Books… One of my most favoritest things in the world. Curling up with a good book has always been one of my most favoritest things to do. (Yes, I am aware that I just used a made-up word twice.  I feel that if I keep validating it by using it, then perhaps I can make it a word… like “ain’t”.)  For a while I really wanted one of those nooks or kindles… until I realized that I would hardly use it. Because part of what I love so much is the experience of reading a book.  Literally turning pages. The smell of a brand new book, or the smell of a really old one. Not to mention that any book, regardless of it’s cover, is a thing of beauty to me.

I have books stashed all over my house, and use them to decorate quite a bit as there is almost nothing prettier than a book, but the built-in bookshelf in my living room has to be my favorite display space.  Just looking at it makes me happy.  It holds some of my favorite books, some that I thought I would share with you… in no particular order…

1. Where the Sidewalk Ends – Shel Silverstein – “Inside everybody’s nose, there lives a sharp-toothed snail.” These are the first two lines of my favorite Shel Silverstein poem.  A poem that I recite to my three-year old when I catch her picking her nose…   I have read this book, and other Silverstein books over and over (The Giving Tree gets me every time) from the time I was in elementary school.  Every time we had to memorize a poem for school, I picked one of his because I had almost all of them memorized anyway.  Now that I have kids, it’s a book I can share with them.  It’s always such a cool thing to be able to share something from your childhood with your own children.

2. Alice in Wonderland – Lewis Carroll – My grandparents had a ton of the “classics” at their house.  Treasure Island, Black Beauty, Heidi… I read them all multiple times.  But my favorite was always Alice. I would take this book to my favorite tree in their yard, climb up to the nook that fit me just right, and spend the whole day up in the tree reading. Imagining myself as Alice. She has always been, and will always remain, one of my favorite literary characters…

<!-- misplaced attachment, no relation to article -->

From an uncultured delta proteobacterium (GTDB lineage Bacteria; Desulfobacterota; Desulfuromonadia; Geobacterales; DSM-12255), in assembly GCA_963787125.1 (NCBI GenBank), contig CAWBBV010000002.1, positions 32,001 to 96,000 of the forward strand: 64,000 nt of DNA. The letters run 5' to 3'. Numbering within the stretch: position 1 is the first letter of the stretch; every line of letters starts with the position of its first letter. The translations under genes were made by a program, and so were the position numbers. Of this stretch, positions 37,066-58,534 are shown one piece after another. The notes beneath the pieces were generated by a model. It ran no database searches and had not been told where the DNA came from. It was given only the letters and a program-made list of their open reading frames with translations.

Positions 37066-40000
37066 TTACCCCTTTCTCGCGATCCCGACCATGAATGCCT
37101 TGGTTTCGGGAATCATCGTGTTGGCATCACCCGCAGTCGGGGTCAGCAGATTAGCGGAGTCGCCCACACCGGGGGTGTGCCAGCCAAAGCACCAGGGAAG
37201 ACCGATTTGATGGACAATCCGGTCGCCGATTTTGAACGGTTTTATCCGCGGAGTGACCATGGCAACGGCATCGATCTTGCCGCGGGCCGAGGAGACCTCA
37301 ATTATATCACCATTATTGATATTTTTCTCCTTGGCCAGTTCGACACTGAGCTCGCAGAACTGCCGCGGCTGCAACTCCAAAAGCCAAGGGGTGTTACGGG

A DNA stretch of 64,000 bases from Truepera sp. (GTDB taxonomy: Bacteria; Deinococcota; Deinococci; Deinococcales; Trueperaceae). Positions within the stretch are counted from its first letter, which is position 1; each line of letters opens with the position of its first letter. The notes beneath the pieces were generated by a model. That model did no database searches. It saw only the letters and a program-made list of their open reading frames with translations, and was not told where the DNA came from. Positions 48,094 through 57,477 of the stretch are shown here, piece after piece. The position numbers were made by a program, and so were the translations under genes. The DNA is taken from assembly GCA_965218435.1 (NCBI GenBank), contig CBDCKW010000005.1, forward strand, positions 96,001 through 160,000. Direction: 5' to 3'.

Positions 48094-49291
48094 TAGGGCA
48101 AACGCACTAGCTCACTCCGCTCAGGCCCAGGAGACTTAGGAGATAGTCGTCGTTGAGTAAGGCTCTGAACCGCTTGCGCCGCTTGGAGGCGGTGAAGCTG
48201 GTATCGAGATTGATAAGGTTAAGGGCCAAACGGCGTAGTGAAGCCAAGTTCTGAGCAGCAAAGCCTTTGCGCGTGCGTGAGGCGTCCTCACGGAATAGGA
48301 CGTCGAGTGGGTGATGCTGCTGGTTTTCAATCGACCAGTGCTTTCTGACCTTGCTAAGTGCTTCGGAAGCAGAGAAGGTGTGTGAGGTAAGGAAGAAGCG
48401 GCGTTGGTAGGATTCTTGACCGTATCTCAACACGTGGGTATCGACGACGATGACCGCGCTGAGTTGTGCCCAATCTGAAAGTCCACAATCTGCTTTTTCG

3. The Hunger Games – Suzanne Collins – Yes, I know I am following up one of the most beloved children’s classics with a piece of pop-culture… But… This book was so good. As a series, I felt like it lost it’s luster towards the end, but the first book was wonderful.  I have never in my life so badly wanted to live in a post-apocalyptic society where I had to fight for my life in a death match.  In my opinion, a good book takes you to a different place.  It makes you feel as if you are a part of the story.  I read this book cover to cover because I felt like I was Katniss – and when it was over, I was a little sad I had to come back to reality.  That’s a mark of a good book…

4. Hard Boiled Wonderland & the End of the World – Haruki Murakami – Murakami is one of my all-time favorite authors. Hard Boiled was the first book of his that I ever read, and I instantly fell in love with it – from the opening lines, describing something as simple as an elevator with such clarity and mystery… you just have to know where that elevator is going. I have yet to read a book of his that I didn’t love, and I’ve read just about all of them.  Perhaps it’s because each book feels like just another adventure of the same character, or perhaps because in his books the most ordinary people and places are turned into the most beautiful and interesting…